Defendant's cites four grounds for dismissal: (1) the allegedly defamatory statements are protected by the self-defense privilege; (2) the allegedly defamatory statements are protected by the pre-litigation privilege; (3) the allegedly defamatory statements are non-actionable; (4) pleading defects in the Complaint, specifically, failure to allege adequate identifying details related to the statements, and failure to Plead special damages. Def.'s Mem. in Supp. Mot. Dismiss Compl. 9-25 (“Def.'s MTD”).

A. The Complaint is Adequately Pled

At the center of this case is the veracity of a contextual world of facts more broad than the allegedly defamatory statements. Specifically, as a minor, Plaintiff was a victim of sustained underage sexual abuse between 1999 and 2002. Compl. 3-6, ¶¶ 8-27. Plaintiff has since identified Defendant as closely involved in Plaintiff's trafficking for the purpose of this abuse. Id. ¶¶ 8-10, 13, 17-19, 27. Defendant has responded to those allegations, and this case concerns those responses.

Plaintiff has identified two statements as allegedly defamatory. The first is a statement Defendant made through her agent on January 3, 2015 (the “January 3 Statement”). Compl. at 6, 129-30. Plaintiff alleges that the content of this statement contained actionable falsehoods in stating that Plaintiff's own allegations “against Ghislaine Maxwell are untrue,” that Plaintiff's allegations have been “shown to be untrue,” and that Plaintiff's “claims are obvious lies.” Id. ¶ 30. The second concerns a January 4, 2015 on-camera statement made to the New York Daily News (the “January 4 Statement”). Id. at 7, ¶ 37. Plaintiff alleges that this statement constitutes an actionable falsehood by referring back to the January 3 statement in response to a question regarding the allegations Plaintiff had made against Maxwell. Id.

Under New York law, written defamation constituting actionable libel requires Plaintiff to plead: (1) a written defamatory statement of fact concerning the plaintiff; (2) publication to a third party; (3) fault, either negligence or actual malice, depending on the plaintiff's status; (4) falsity; (5) special damages or per se libel. Krepps v. Reiner , 588 F.Supp.2d 471, 483 (S.D.N.Y.2008) aff'd, 377 Fed.Appx. 65 (2d Cir.2010) (citing Celle v. Filipino Reporter Enters. Inc. , 209 F.3d 163, 176 (2d Cir.2000) ).

Plaintiff is a citizen of Colorado. Compl. ¶ 7. The statements in question were made in New York, Defendant resides in New York, Plaintiff has brought suit in New York. Id. ¶¶ 7, 29-32, 37. There is no conflict between New York and Colorado defamation law. Compare Kforce, Inc. v. Alden Personnel, Inc., 288 F.Supp.2d 513, 516 (S.D.N.Y.2003) with Zerr v. Johnson, 894 F.Supp. 372, 376 (D.Colo.1995). Because New York has the most significant interest, New York law applies. Catalanello v. Kramer, 18 F.Supp.3d 504, 511 (S.D.N.Y.2014).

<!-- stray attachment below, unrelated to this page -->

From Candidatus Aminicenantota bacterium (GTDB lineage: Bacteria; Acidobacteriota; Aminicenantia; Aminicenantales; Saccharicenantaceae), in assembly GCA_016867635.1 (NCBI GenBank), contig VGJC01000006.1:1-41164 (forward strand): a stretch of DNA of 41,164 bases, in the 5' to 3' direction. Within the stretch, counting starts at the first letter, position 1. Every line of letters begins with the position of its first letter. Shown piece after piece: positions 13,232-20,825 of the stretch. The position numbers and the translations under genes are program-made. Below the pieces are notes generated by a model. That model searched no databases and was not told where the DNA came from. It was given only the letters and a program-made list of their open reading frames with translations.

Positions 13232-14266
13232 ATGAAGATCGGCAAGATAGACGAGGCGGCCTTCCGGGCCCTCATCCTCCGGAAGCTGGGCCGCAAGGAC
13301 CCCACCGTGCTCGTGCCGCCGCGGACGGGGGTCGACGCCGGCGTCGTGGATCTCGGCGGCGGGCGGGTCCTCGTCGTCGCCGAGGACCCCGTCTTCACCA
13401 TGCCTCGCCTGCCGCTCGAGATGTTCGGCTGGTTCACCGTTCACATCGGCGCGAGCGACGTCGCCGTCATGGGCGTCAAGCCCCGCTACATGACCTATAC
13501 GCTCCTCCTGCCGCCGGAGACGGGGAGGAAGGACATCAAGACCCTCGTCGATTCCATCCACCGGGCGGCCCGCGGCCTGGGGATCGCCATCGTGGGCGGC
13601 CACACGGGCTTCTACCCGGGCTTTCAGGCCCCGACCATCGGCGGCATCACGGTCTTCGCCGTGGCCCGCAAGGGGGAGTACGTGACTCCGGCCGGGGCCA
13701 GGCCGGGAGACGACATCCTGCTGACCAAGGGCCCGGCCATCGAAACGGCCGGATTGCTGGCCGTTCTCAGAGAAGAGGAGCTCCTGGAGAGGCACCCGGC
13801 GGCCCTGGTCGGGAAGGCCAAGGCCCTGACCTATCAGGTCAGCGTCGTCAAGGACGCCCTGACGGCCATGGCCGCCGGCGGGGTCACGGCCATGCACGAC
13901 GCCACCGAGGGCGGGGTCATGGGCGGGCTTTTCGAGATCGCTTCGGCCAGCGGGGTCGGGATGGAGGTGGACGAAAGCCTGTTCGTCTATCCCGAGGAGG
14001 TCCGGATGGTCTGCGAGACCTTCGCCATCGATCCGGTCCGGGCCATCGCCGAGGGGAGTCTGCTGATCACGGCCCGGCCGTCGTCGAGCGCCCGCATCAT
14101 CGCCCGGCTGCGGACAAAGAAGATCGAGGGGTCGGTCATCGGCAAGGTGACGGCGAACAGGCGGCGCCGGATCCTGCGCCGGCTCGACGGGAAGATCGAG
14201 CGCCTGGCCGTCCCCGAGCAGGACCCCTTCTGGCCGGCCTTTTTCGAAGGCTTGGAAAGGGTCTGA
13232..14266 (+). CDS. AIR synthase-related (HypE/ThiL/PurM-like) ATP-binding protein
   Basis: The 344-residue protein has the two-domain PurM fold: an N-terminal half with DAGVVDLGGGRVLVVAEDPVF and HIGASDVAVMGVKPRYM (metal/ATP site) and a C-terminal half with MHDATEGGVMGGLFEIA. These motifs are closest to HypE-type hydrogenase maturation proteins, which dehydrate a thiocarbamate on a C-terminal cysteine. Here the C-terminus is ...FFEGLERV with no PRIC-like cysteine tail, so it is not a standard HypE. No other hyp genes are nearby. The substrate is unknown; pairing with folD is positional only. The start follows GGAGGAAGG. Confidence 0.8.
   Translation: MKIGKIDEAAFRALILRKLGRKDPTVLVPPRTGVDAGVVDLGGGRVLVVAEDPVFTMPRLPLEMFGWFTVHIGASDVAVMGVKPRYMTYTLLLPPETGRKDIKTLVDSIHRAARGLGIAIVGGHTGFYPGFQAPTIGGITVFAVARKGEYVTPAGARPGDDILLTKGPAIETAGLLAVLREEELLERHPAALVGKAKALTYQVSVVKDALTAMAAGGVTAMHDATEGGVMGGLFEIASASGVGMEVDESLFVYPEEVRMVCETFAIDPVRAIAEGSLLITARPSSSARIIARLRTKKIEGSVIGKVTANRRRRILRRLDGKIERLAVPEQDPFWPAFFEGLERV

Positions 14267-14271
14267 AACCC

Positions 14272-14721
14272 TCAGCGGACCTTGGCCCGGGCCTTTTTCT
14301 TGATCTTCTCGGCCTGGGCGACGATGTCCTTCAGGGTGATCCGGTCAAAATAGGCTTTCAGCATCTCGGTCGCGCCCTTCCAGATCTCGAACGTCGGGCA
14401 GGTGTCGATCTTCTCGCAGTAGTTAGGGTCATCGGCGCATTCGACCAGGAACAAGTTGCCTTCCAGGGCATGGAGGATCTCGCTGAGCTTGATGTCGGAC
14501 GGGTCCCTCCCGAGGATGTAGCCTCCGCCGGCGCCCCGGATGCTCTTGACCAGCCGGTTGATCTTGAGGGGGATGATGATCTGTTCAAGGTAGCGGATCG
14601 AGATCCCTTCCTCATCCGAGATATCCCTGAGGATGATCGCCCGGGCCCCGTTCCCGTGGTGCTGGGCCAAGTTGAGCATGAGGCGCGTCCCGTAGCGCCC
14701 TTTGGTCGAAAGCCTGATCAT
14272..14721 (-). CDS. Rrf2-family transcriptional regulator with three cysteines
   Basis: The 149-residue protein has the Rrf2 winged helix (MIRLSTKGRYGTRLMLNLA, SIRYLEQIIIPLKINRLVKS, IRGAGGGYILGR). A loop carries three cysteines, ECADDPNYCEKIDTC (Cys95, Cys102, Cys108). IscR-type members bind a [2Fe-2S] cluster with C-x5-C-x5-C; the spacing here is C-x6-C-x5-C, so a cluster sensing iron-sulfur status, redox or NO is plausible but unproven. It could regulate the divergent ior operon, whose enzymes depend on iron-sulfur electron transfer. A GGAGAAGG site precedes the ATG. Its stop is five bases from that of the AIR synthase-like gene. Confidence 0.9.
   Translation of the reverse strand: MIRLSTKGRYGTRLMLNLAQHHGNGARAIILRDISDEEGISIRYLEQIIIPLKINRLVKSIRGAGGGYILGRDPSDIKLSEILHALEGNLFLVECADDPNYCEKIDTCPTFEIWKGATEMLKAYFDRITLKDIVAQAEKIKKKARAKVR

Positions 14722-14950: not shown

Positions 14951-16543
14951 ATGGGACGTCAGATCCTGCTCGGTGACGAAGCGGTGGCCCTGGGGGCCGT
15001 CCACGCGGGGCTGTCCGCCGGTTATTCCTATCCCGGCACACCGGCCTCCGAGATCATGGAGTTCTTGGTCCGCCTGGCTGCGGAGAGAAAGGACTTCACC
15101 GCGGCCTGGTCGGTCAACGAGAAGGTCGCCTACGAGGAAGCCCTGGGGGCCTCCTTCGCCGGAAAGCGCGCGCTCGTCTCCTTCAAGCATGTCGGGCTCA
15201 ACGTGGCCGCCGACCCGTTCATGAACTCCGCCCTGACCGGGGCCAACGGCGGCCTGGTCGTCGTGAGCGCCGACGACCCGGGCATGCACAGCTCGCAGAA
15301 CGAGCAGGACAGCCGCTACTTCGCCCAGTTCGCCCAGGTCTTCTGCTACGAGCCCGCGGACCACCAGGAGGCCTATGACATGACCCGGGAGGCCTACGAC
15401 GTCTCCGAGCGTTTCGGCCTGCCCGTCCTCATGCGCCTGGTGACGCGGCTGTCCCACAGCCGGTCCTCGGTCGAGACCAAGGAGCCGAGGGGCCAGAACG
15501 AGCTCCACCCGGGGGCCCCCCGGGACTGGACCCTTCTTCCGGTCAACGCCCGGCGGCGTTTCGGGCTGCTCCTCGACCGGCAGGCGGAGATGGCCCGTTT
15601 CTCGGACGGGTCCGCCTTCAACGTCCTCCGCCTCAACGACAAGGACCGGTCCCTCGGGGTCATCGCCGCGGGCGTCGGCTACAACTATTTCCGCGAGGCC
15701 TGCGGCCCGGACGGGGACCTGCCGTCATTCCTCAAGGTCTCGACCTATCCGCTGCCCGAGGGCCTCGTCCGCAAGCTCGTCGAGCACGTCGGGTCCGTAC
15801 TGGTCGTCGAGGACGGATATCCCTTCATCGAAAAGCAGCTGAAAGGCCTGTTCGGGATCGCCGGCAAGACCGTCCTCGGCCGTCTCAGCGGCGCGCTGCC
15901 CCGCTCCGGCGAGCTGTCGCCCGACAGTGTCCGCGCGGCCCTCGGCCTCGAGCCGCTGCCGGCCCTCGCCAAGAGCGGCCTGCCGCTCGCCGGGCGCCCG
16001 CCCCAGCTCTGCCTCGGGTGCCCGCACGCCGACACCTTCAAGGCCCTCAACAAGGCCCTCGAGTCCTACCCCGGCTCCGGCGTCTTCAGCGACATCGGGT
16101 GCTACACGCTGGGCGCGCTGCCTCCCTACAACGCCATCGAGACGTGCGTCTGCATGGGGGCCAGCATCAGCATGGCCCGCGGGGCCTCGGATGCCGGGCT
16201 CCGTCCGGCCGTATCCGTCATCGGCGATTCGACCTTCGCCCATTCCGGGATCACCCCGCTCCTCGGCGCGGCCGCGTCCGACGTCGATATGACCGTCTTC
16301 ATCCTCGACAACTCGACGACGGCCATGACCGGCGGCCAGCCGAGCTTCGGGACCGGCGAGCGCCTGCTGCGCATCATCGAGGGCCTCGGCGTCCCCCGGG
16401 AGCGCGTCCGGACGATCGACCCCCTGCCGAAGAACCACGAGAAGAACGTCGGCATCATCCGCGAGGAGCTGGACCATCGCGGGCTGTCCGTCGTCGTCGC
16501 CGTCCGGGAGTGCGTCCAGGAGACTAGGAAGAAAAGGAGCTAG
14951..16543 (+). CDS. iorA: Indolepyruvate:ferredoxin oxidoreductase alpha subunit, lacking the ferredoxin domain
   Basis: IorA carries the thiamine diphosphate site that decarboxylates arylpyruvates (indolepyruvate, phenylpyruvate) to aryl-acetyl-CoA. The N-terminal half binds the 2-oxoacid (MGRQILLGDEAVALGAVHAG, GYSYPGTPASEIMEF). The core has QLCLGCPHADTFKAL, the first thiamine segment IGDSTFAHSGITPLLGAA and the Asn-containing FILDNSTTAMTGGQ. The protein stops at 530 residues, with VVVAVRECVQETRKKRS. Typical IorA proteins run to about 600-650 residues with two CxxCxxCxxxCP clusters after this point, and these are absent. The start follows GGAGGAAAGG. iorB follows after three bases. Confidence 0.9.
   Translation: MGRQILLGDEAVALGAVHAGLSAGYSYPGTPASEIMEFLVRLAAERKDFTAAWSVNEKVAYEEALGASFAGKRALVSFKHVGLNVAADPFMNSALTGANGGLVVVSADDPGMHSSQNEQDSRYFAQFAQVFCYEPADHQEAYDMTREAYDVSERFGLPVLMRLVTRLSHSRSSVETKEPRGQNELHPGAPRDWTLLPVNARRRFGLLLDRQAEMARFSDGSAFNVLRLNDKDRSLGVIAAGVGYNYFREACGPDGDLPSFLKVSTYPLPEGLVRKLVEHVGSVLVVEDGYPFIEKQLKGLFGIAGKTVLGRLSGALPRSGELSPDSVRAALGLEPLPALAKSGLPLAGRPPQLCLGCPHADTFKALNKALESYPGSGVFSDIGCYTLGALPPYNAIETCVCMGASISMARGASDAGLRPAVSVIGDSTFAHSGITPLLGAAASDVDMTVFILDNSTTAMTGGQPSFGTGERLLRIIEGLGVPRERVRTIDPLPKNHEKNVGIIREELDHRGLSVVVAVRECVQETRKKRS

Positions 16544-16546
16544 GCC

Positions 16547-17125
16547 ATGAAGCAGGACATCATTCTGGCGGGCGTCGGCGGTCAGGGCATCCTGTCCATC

Defendant argues that the statements in question are not susceptible to a defamatory meaning. Def.'s MTD at 10-11; Def.'s Reply 1-6; see also Def.'s Supp. Auth. Plaintiff submits that Defendant has effectively called her a “liar,” while Defendant points out the word “liar” was never used in the statements alleged. Pl.'s Opp. at 4-5,10-11; Def.'s Reply at 4. “The dispositive inquiry is whether, on the basis of the over-all context in which the assertion were made, a reasonable reader could have concluded that the statements were conveying facts about the plaintiff.” Davis v. Boeheim , 24 N.Y.3d 262, 998 N.Y.S.2d 131, 22 N.E.3d 999 (2014) (internal citations, ellipses, and brackets omitted). The distinction is one between fact and opinion, the latter of which is non-actionable. Id.

Defendant submits this argument primarily as part of the self-defense privilege argument (arguing that Defendant was taking advantage of her right to generally deny the claims against her). Def.'s MTD at 10-11. Both parties argue this point in the form of supplementary authority. See Pl.'s Supp. Auth., filed Jan. 8, 2016; Def.'s Supp. Auth., filed Jan. 21, 2016. Because this issue goes to the heart of whether the statements Plaintiff identifies as allegedly defamatory can meet the pleading requirement of a defamatory statement of fact, it will be addressed in this pleading sufficiency Part.